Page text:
I want to integrate this:

$$\int_0^{\infty} dt \exp{\left ( a \, t^b\right)} \, I_v {\left ( a \, t^b\right)} $$

where $I_v(.)$ is the modified bessel function of arbitrary order $v$.

Can someone help me with this please?

  • 1
    $\begingroup$ I'm pretty sure this integral converges only for $a<0$ and probably for some non obvious conditions on $b$ and $\ni$. Any other info you'ld care to share about this problem? $\endgroup$ Commented Jun 28, 2013 at 20:52
  • $\begingroup$ Where did this problem come from? $\endgroup$ Commented Jun 28, 2013 at 21:39
  • $\begingroup$ You can have a closed form solution in terms of the $H$-function. See this problem. $\endgroup$ Commented Jun 28, 2013 at 21:42
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    $\begingroup$ @nbubis: the value of a>0.5, and b can be any positive constant...I know how to get a closed-form expression for such integral without the b, but I try substitution and (let x=at^b, , then dx=abt^(b-1) dt ==> dt=dx/(ab*t^(b-1)),...which made things more complicated. $\endgroup$
    – kazekage
    Commented Jun 29, 2013 at 5:14
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    $\begingroup$ @MhenniBenghorbal: this actually came after long derivation of a wireless channel model involving modified bessel function. How can I get I closed-form expression from this H-function, can you please explain more, this is the first time I see such a function. $\endgroup$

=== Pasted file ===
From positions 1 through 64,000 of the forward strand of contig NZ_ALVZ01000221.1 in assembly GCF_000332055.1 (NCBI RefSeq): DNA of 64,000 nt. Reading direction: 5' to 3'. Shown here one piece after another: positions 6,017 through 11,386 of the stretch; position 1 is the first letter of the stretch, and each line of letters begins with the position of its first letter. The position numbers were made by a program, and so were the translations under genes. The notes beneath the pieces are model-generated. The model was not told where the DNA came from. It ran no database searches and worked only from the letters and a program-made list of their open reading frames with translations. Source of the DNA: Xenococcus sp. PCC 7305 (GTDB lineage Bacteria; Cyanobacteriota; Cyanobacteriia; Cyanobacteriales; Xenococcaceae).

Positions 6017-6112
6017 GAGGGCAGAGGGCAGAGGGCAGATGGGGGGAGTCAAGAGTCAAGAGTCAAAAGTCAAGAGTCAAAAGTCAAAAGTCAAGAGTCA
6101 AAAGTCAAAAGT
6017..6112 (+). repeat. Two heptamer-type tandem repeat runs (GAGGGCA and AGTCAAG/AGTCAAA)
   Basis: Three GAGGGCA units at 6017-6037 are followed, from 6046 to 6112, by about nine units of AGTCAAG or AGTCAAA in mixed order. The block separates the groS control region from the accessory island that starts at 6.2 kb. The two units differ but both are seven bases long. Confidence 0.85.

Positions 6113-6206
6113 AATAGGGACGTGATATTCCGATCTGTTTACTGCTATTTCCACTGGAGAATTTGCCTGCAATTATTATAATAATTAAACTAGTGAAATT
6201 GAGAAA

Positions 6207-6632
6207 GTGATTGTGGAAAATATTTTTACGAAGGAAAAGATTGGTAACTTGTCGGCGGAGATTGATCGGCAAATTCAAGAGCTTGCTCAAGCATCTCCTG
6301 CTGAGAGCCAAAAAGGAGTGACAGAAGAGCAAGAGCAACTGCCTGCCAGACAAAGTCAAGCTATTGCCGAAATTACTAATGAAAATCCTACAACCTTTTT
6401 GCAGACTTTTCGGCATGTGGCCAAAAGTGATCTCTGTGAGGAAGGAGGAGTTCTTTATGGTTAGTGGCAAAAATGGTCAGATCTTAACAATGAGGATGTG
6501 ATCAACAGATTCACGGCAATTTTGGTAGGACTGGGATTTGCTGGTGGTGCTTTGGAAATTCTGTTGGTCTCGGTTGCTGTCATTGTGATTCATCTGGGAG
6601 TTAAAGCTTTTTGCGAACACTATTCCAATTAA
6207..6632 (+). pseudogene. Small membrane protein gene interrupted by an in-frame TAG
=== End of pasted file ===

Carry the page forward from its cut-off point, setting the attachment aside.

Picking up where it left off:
– kazekage
    Commented Jun 29, 2013 at 5:18

1 Answer 1


$$\int_0^\infty e^{at^b}I_v(at^b)~dt$$

$$=\int_0^\infty e^{at}I_v(at)~d\left(t^\frac{1}{b}\right)$$

$$=\dfrac{1}{b}\int_0^\infty t^{\frac{1}{b}-1}e^{at}I_v(at)~dt$$

$$=\dfrac{(-1)^v}{b}\int_0^\infty t^{\frac{1}{b}-1}e^{at}I_v(-at)~dt$$


$$=\dfrac{(-1)^v}{(-a)^\frac{1}{b}~b}\int_0^\infty t^{\frac{1}{b}-1}e^{-t}I_v(t)~dt$$

$$=\dfrac{(-1)^v~\Gamma\left(\dfrac{1}{b}+v\right)\Gamma\left(\dfrac{1}{2}-\dfrac{1}{b}\right)}{\sqrt\pi(-a)^\frac{1}{b}~2^\frac{1}{b}~b~\Gamma\left(v-\dfrac{1}{b}+1\right)}$$ (according to http://people.math.sfu.ca/~cbm/aands/page_486.htm)


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